Oct. 5 (UPI) -- Researchers have identified several new traits in modern humans that are influenced by Neandertal genes.
Roughly 2 percent of the modern human genome is inherited from Neandertals. Previous studies have linked Neandertal DNA with a handful of modern diseases and immunity, proof our closest ancestors continue to impact our physiology.
Now a new study, published this week in the American Journal of Human Genetics, suggests Neandertal DNA also influences traits unrelated to disease, including skin tone, hair color, sleep patterns and mood.
Researchers surveyed the genomic data of 112,000 participants in the UK Biobank pilot study, searching for connections between genetic variations, or alleles, inherited from Neandertals and traits related to physical appearance.
The analysis confirmed what previous surveys had hinted at, connections between Neandertal alleles and modern hair and skin traits.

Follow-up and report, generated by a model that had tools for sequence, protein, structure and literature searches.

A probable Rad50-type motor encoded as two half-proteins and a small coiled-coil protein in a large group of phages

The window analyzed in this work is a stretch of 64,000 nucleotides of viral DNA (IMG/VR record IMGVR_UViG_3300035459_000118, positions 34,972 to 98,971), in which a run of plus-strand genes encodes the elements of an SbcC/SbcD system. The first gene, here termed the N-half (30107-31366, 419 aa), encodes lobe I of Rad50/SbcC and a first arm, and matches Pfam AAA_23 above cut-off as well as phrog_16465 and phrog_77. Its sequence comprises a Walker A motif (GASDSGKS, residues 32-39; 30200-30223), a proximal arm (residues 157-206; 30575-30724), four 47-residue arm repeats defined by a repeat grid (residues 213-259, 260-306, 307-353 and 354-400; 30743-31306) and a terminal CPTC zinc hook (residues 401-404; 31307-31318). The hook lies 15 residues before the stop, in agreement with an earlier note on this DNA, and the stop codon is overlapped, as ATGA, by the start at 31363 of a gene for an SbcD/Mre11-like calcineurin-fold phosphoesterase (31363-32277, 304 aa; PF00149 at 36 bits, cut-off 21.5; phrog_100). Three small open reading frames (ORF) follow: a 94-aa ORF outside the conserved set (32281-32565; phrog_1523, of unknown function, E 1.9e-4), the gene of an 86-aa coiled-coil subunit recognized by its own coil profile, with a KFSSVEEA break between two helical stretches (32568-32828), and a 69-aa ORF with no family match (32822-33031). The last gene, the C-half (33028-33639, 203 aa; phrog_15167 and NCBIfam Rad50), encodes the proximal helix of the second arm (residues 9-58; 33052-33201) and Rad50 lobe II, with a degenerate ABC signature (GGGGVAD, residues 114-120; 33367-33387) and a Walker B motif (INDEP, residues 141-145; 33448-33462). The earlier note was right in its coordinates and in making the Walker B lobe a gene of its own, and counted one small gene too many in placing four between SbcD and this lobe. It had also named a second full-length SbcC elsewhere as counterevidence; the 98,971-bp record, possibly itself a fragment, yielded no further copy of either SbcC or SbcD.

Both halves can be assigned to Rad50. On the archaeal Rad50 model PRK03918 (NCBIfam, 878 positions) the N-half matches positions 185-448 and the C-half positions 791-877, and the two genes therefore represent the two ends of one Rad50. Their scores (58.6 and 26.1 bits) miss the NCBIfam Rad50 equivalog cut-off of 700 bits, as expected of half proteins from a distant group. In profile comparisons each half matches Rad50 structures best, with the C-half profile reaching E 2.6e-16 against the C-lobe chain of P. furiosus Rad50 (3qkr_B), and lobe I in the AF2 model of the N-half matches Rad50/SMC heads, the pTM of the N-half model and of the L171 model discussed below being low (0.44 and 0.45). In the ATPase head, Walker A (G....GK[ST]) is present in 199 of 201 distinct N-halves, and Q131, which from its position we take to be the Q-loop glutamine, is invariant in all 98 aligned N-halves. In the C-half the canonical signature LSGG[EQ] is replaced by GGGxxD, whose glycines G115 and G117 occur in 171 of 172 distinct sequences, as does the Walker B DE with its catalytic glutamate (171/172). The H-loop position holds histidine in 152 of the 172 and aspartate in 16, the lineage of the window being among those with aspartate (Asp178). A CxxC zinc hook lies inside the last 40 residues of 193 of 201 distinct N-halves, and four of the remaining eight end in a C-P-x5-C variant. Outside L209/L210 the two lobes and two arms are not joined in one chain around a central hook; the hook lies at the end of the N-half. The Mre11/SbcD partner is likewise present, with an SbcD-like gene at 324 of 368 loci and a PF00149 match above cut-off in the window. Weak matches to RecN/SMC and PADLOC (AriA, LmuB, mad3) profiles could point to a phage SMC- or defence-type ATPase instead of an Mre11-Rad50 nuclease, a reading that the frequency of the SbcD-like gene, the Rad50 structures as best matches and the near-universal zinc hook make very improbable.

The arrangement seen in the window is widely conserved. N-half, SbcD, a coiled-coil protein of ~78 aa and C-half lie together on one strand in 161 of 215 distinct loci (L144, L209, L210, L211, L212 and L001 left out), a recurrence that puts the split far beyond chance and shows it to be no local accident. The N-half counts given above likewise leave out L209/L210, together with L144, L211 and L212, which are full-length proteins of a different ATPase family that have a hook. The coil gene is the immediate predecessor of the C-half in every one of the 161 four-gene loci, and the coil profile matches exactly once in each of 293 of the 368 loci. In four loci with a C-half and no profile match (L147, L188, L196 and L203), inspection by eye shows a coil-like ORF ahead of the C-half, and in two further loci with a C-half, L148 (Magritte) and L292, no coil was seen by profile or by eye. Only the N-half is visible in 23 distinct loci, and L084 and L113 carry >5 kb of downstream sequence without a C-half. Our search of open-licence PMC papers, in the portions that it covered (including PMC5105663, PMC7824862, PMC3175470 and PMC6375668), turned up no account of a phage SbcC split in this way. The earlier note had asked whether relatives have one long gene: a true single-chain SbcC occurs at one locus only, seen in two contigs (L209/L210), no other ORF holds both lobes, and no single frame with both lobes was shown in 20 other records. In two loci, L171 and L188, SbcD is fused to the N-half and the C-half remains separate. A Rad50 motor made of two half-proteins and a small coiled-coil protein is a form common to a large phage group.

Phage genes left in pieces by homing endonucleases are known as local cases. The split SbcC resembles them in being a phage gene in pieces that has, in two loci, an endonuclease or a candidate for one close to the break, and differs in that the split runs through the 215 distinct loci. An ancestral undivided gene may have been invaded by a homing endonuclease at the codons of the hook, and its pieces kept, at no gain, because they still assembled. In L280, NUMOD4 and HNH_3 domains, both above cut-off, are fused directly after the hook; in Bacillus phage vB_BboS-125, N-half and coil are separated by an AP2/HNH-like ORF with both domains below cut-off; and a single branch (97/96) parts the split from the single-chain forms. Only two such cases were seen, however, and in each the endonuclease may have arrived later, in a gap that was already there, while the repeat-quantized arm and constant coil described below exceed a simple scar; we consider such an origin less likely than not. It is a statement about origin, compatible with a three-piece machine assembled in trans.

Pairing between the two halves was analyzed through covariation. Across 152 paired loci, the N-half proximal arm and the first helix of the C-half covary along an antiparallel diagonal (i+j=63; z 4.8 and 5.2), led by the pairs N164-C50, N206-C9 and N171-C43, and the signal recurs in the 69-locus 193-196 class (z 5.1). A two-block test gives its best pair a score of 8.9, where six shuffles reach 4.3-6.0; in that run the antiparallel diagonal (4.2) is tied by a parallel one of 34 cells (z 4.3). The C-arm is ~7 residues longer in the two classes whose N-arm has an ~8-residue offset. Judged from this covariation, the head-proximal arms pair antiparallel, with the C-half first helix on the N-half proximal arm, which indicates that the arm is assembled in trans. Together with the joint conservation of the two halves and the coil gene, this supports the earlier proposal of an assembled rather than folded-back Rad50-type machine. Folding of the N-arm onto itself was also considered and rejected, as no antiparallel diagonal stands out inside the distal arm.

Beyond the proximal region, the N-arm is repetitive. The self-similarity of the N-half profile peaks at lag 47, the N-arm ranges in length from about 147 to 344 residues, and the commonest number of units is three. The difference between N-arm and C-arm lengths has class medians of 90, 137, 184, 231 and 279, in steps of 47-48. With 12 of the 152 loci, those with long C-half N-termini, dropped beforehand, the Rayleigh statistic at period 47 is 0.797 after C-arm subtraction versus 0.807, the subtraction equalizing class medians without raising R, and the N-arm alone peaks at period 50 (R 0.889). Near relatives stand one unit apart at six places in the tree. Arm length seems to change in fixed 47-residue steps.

"We can now show that it is skin tone, and the ease with which one tans, as well as hair color that are affected," Janet Kelso, a researcher at the Max Planck Institute for Evolutionary Anthropology in Germany, said in a news release.
Researchers found some Neandertal alleles are linked with darker hair and skin tones, while other variations are linked with fairer hair and skin pigmentation.
"These findings suggest that Neandertals might have differed in their hair and skin tones, much as people now do," said researcher Michael Dannemann.
Researchers believe the genetic variations among Neandertals were influenced by sun exposure. Having lived in Eurasia for thousands of years before the arrival of the first humans from Africa, Neandertals would have already adapted to variable sunlight levels at higher latitudes. These adaptions could be passed down to interbreeding early humans.
"Skin and hair color, circadian rhythms and mood are all influenced by light exposure," researchers wrote in the new study. "We speculate that their identification in our analysis suggests that sun exposure may have shaped Neandertal phenotypes and that gene flow into modern humans continues to contribute to variation in these traits today."